We proceed now to the names of the five auxiliary swaras: those that are a half-step below a shudh swara are called the komal or soft variants of the respective shudh sawaras. Those that are half-step above a shudh swara are called tiivra or sharp variants of the respective shudh swaras.

A look at the sequence above shows that in the Indian tradition there are four komal swaras and one tiivra swara, as follows:

S, komal R, R, komal G, G, M, tiivra M, P, komal D, D, komal N, N, S

In notation form these swaras are denoted as follows:

S r R g G M m P d D n N S

And this gives us the alphabet of the language of Indian music. We are now in a position to discuss the unique characteristics of this language and how the knowledge helps us in both appreciating and learning music.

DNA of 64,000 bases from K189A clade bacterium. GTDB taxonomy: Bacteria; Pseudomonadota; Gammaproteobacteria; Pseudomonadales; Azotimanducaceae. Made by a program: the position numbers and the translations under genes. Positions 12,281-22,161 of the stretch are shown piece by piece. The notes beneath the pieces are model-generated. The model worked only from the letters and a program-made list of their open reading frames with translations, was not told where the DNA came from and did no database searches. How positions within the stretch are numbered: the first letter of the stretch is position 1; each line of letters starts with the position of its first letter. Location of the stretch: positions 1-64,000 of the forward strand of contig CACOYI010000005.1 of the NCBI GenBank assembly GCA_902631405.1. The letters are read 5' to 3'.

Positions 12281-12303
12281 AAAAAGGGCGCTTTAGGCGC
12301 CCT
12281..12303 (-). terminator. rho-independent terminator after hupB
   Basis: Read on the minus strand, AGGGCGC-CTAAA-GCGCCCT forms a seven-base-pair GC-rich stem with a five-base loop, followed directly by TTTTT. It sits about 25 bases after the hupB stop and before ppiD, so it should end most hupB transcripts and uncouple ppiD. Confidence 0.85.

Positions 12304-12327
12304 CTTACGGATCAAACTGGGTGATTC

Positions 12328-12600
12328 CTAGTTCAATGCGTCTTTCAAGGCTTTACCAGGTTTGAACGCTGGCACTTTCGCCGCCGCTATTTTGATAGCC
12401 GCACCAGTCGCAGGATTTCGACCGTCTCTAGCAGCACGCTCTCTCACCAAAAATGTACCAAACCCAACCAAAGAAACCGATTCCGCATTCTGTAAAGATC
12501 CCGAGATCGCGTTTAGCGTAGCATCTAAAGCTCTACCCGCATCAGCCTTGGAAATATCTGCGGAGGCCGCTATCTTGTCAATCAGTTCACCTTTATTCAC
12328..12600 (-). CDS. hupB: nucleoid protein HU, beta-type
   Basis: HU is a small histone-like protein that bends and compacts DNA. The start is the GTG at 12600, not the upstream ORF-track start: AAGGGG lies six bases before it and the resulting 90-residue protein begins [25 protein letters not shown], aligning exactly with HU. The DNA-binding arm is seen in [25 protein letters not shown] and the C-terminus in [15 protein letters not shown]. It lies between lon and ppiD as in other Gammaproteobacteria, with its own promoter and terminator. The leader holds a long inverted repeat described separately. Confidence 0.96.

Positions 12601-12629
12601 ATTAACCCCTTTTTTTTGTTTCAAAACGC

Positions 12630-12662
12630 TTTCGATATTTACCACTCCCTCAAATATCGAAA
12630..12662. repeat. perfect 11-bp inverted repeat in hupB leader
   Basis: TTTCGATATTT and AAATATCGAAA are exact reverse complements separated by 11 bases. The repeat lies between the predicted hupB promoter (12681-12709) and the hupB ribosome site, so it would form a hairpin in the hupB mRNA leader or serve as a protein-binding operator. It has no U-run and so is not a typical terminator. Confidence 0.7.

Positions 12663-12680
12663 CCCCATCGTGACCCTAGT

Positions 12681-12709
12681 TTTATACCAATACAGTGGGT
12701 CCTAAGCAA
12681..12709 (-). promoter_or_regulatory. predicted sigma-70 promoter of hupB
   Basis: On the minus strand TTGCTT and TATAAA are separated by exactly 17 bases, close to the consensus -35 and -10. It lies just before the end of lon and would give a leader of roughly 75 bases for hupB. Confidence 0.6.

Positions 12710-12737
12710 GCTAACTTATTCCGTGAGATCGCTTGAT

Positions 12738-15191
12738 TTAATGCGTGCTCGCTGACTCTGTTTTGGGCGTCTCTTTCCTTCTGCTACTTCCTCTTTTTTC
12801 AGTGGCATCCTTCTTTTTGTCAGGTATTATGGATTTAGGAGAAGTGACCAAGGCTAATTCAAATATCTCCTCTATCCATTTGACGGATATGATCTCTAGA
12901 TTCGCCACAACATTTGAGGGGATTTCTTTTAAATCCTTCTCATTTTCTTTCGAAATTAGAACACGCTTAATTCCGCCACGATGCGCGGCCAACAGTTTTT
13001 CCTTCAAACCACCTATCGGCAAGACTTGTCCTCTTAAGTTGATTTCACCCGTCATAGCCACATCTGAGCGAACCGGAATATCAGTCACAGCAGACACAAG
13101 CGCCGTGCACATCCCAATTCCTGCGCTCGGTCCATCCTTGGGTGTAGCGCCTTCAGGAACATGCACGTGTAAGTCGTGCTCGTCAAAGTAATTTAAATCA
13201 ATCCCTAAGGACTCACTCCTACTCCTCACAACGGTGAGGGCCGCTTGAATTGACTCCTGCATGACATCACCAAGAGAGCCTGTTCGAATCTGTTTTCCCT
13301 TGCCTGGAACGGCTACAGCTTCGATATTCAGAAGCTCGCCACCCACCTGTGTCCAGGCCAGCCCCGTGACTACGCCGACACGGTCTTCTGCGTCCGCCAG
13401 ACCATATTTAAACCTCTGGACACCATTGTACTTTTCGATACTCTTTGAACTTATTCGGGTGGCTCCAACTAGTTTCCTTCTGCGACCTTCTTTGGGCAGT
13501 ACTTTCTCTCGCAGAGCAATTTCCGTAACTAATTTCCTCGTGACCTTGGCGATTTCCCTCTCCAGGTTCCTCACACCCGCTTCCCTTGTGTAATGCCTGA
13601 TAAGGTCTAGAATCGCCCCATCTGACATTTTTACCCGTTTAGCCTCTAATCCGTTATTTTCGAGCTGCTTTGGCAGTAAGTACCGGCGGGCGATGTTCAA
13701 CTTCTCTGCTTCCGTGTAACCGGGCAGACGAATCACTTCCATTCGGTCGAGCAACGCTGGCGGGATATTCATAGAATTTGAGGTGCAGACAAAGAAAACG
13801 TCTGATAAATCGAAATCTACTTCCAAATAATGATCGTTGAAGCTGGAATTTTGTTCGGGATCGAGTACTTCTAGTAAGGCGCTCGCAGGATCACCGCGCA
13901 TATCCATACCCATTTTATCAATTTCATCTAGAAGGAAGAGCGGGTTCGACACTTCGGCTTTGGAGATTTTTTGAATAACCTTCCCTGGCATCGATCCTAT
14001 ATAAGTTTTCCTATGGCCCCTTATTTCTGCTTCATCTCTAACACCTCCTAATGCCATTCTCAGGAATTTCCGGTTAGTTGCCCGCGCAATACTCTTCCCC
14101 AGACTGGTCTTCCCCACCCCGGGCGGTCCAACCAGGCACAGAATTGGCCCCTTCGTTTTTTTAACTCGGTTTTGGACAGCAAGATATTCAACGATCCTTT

Consider languages like Hindi, Urdu or English. Each consists of over two dozen letters in its alphabet. Sometimes the letters are given a name (as in Urdu and English) and sometimes not (as in Hindi) but the key function is always to associate a basic sound with the shape of a symbol. For example, the baa sound is associated with the shape B in English and Hindi and Urdu have their own symbolic equivalents.

In these languages each distinct symbol is associated with a different sound (with some exceptions that are not important here). But each sound can be emitted at the same amplitude and the same frequency – one can use a flat and level voice to read out the English alphabet from A to Z.